As is a shameful remnant of that time, the internment of the Aleut people. Many never returned from those camps, and those who did found that their villages no longer existed. Have you ever heard a word about this? I sure hadn’t.


Today there are about 4000 permanent residents of Unalaska. Everyone has running water, sewer, and electricity generated by this diesel-fired power plant. The diesel, of course, also comes here by ship.


This is a part of the local school, the 5th-12th grade section. About 400 children attend.


It’s hard to imagine what would become of this strange, desolate, and beautiful place if the container ships stopped visiting. Fish and blueberries are plentiful, fuel and building materials are non-existent. You can only get here by boat or plane. Often when I travel and visit new places I think “I could live here.”

I’m really glad to have been there, but Unalaska isn’t one of those places.

Bonine For Breakfast

Posted October 5, 2018 by Abra Bennett
Categories: Cruising



It’s been rough. It’s not that I’m particularly a wuss, but 15 foot swells make it hard to walk around, or even to stand upright. We were sailing perpendicular to the swell all night, heading north, which made for a pretty wild night’s sleep. Here is where being higher up in the ship, which the suites are, is a disadvantage. I’ve been feeling more rocking, rolling, and pitching than my companions on lower floors. But that has also had the happy effect of improving my French vocabulary, as my Québécois friends on board have schooled me in the difference between brassage (being tossed or jumbled around), tangage (being pitched front to back), and a sea that’s roulant (rocking and rolling from side to side).

I felt very lucky to be able to concentrate on a vocabulary lesson and be distracted from the actual events that inspired it. I don’t know how long it takes to get one’s “sea legs” but I sure haven’t gotten them yet.

So far I haven’t felt actually queasy, but then, I don’t want to. The minute my eyes started to feel funny and a little headache nagged at me, I popped a Bonine. It’s kind of a miracle drug, actually, because it prevents mal de mer without making me sleepy. Nobody else I know has admitted to feeling the need to take it, so maybe I am a wuss, but I don’t care in the least.


The sun didn’t rise today until 8:26 a.m., so it looked like this when I awoke. Soon we’ll be heading west into the Bering Sea, threading our way through the Aleutian Islands to Dutch Harbor, on the island of Amaknak. Dutch Harbor has a lot of interesting WWII history associated with it, plus it doesn’t move out from under your feet when you try to stand on it, which seems like a distinct advantage. And also, crab, one of my favorite foods, is what to eat in town. I can’t wait to get there!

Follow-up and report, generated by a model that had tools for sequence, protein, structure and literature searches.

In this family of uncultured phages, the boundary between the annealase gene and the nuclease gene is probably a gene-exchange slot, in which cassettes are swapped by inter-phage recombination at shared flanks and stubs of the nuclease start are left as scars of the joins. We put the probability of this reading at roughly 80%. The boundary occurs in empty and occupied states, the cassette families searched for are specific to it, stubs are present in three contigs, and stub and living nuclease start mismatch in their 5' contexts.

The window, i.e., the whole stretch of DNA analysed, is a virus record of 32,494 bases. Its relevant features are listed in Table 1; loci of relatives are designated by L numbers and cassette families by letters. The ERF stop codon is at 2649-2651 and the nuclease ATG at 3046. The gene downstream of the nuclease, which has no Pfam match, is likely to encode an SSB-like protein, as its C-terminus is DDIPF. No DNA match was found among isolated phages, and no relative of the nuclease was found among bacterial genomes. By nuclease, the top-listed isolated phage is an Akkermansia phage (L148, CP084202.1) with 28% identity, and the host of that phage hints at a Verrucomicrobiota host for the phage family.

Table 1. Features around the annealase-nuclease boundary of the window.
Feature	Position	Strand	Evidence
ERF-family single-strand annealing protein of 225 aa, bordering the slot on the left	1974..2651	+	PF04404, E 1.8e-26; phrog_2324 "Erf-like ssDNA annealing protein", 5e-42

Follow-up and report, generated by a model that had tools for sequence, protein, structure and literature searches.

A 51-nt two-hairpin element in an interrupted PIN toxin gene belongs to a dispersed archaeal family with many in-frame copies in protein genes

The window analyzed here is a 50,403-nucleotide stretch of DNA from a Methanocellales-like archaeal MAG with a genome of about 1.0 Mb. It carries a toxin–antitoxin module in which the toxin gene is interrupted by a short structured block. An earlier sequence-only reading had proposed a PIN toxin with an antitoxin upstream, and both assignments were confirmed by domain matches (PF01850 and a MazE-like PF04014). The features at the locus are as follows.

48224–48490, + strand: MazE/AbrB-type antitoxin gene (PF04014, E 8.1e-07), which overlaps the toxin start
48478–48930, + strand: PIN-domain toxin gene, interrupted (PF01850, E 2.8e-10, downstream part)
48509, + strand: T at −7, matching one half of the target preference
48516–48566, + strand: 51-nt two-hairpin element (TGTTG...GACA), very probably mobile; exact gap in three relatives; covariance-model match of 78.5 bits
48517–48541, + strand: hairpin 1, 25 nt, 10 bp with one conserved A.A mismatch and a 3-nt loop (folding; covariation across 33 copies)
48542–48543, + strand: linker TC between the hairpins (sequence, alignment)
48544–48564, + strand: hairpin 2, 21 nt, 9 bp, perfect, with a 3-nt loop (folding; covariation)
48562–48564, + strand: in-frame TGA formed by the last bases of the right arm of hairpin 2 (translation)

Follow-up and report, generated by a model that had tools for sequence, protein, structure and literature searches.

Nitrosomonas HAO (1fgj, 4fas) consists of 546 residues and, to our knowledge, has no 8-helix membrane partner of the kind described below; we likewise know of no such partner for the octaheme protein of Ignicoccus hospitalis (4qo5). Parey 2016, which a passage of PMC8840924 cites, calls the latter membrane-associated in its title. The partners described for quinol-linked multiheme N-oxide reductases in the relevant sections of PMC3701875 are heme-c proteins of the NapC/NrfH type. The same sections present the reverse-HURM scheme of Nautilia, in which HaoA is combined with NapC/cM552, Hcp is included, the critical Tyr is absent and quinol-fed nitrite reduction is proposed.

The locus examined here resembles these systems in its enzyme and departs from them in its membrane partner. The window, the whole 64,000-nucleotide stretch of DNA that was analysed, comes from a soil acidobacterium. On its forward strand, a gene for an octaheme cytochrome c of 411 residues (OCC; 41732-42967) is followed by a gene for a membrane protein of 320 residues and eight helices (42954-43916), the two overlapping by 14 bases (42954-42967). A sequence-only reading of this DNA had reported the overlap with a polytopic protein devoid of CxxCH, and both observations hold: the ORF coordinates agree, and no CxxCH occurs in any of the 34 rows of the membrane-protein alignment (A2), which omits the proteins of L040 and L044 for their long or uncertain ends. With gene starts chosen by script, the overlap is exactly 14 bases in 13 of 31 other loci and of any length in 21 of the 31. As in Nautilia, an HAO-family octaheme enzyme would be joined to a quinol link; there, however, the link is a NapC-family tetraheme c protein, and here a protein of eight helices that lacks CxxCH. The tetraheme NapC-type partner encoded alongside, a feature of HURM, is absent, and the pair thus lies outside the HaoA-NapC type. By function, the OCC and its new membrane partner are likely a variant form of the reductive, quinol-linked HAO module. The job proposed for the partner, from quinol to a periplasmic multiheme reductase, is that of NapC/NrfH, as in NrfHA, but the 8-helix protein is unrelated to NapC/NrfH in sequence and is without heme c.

Halfway There

Posted October 3, 2018 by Abra Bennett
Categories: Cruising

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On a long cruise there are definitely “port people” and “sea day people.” I am 100% a port person. Whereas the sea day people on board are pretty happy right about now, I can’t wait to get to our next port. The sea day people bask by the pool, play trivia and bingo and bridge, and revel in their relaxation. Me, I’m always thinking about ports to come, and how to maximize my time there, not to mention being glued to the news via the New York Times. So far I haven’t left it all behind, and I suspect that I never will.

And we’re just halfway to our next port, having come 1200 nautical miles from Los Angeles, with 1200 more to go to our first stop in Dutch Harbor, Alaska. Just to add a few more geeky details, we are traveling at approximately 24 miles per hour, some 30 miles off the west coast of the U.S.,  in water that’s 1435 feet deep. The ambient air temperature is currently 61°, skies are clear, and the water checks in at 64°, which is surprisingly warmer than Puget Sound.

Although that all sounds pretty smooth, morning tai chi class has its hilarious moments. “Step left, heel down, now toe down, and shift your weight forward,” says our instructor. The ship pays no attention and suddenly shifts everyone’s weight sharply to the right, causing a roomful of arms to flap wildly as we all struggle to retain our balance. A few people sit down rather suddenly. Moving around the ship I find that I can’t walk in a straight line, although I usually avoid bouncing off the walls.

That’s speaking literally. Figuratively, I am bouncing lightly off the walls with incipient boredom, and am spending a lot of time in my beautiful room. Want to see? This is what Holland America calls a Neptune Suite, and it’s really quite wonderful.


I have a king-size bed,


a really nice sitting area with a desk, which is where I’m sitting right now.


My room has its own espresso machine


and a nice bar hidden behind the mirrored wall.


There’s also a dressing room and closet space just outside the bathroom, which reveals that I still have one suitcase that is not fully unpacked. That’s my next project, putting away all the miscellaneous toiletries and stuff that still haven’t settled in to their proper storage locations.


And I also have a huge balcony that makes me regret that I’m not a napper. I can even have room service meals on the balcony, although I haven’t done that yet.

Last year on this voyage the weather prevented the ship from getting into Dutch Harbor, and I’m fervently hoping that we’ll have better luck. I’m curious about the place and its history, and already longing to get my feet on terra firma, and very possibly trying out my new pack-in-a-pouch rain poncho.

Tonight’s a dress-up night in the dining room, where everyone will dress in black and gold. I’ll see if I can get a few pictures for you of folks in their finery. And I’m going to try to learn to enjoy sea days, which would be a good survival tactic, considering that we have about 40-45 more of them coming up. If you’re a cruiser and have any tips about that for me, please do share!